See also the press release: Clean Energy for All Europeans - unlocking Europe's growth potential.
What is the Commission proposing for European consumers?
Consumers are at the centre of the Energy Union. Energy is a critical good, absolutely essential for full participation in modern society. The clean energy transition also needs to be fair for those sectors, regions or vulnerable parts of society affected by the energy transition. We want to help consumers embrace this transition.
All consumers across the EU will be entitled to generate electricity for either their own consumption, store it, share it, consume it or to sell it back to the market. These changes will make it easier for households and businesses to become more involved in the energy system, to better control their energy consumption and respond to price signals.
The Commission will accelerate the deployment of smart meters and ensure access to dynamic electricity price contracts which are essential to bridge the gap between consumers and the market.
Upon consumer consent, valuable consumer data will be available to market actors who will be able to offer consumers tailor-made solutions. Better regulated and non-discriminatory access to consumer data will benefit the consumers through increased competition among market actors.
What changes for the consumer?
Everyday operations like billing, changing suppliers and getting a new contract when moving house will become easier, quicker and more accurate for consumers thanks to the improved management of digital customer information.
Consumers will get access to reliable and clear information on the best deals in the market, using certified online price comparison tools which will assist them in making informed choices.
Consumers will be able to switch suppliers more easily, thanks also to the proposal to restrict the use of switching fees. The average difference between the incumbent supplier's standard offer and the cheapest offer in the market is more than €50 a year in the EU.
If they wish, consumers will be able to request a smart meter from their energy supplier and benefit from market-based energy prices, and new technologies will allow them to consume more when energy is cheap and reduce consumption when prices are high. That means that consumers will have better control of their spending on energy services.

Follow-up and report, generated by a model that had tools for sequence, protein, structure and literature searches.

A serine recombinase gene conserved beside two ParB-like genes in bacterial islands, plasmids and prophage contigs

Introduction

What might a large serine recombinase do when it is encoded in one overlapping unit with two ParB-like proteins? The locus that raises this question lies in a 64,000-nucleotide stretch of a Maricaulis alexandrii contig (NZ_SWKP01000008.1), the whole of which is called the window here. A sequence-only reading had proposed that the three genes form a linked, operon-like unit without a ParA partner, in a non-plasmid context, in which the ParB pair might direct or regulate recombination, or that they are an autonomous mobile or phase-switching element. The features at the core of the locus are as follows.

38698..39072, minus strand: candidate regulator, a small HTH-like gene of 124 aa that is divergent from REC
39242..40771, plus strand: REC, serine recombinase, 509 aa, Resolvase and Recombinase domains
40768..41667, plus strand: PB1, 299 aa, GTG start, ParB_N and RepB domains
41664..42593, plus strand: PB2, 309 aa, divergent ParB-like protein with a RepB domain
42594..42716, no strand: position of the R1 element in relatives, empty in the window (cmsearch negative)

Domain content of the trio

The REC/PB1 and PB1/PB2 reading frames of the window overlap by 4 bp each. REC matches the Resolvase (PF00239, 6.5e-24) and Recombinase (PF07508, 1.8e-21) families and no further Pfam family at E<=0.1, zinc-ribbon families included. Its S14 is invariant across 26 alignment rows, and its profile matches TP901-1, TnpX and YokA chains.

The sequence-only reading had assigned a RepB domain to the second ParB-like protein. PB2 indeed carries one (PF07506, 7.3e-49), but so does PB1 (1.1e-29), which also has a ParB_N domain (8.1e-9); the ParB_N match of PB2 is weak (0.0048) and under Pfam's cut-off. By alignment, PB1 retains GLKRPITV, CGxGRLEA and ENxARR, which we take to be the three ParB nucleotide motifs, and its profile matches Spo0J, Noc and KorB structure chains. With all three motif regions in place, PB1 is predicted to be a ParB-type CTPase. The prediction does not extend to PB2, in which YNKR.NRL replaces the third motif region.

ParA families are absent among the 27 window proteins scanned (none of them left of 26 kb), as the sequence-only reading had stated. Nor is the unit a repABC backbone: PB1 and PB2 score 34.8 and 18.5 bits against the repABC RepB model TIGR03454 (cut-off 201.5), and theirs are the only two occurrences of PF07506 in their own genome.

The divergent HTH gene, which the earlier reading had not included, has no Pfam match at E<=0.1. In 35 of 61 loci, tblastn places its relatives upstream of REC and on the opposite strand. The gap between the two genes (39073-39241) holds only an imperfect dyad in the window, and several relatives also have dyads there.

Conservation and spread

Futhermore, consumers or communities of consumers will be entitled to produce, store or sell their electricity, allowing them to take advantage of the falling costs of rooftop solar panels and other small-scale generation units to help reduce energy bills. Consumers can thus individually benefit from the Energy Union.
Will consumers be protected?
The new rules will ensure a high level of consumer protection and sound management of consumer data.
Under the new market rules electricity prices should become increasingly market-based. The package suggests tackling energy poverty at the root through targeted social policy and energy efficiency measures, such as insulation of social housing. Targeted social tariffs can be used temporarily until these targeted measures are implemented.
Furthermore, based on experience seen in some Member States we know that energy markets without price regulation see more actors competing against each other and this delivers the best deals to consumers. In those markets consumers are more satisfied, have access to a wider choice of innovative services and more opportunities for savings.
New services such as demand response will help many consumers cut their energy bills significantly. Consumers will therefore be entitled to, but not obliged to sign up to them. In addition, the new rules include measures to ensure that consumers are fully informed of the pros and cons of engaging these new services, particularly consumers who may need extra help understanding them.
The increase use of smart meters will have to respect strict EU data protection rules. Consumers must be asked for their consent, before their personal data is shared with other energy suppliers.
Will the Commission proposals help create jobs?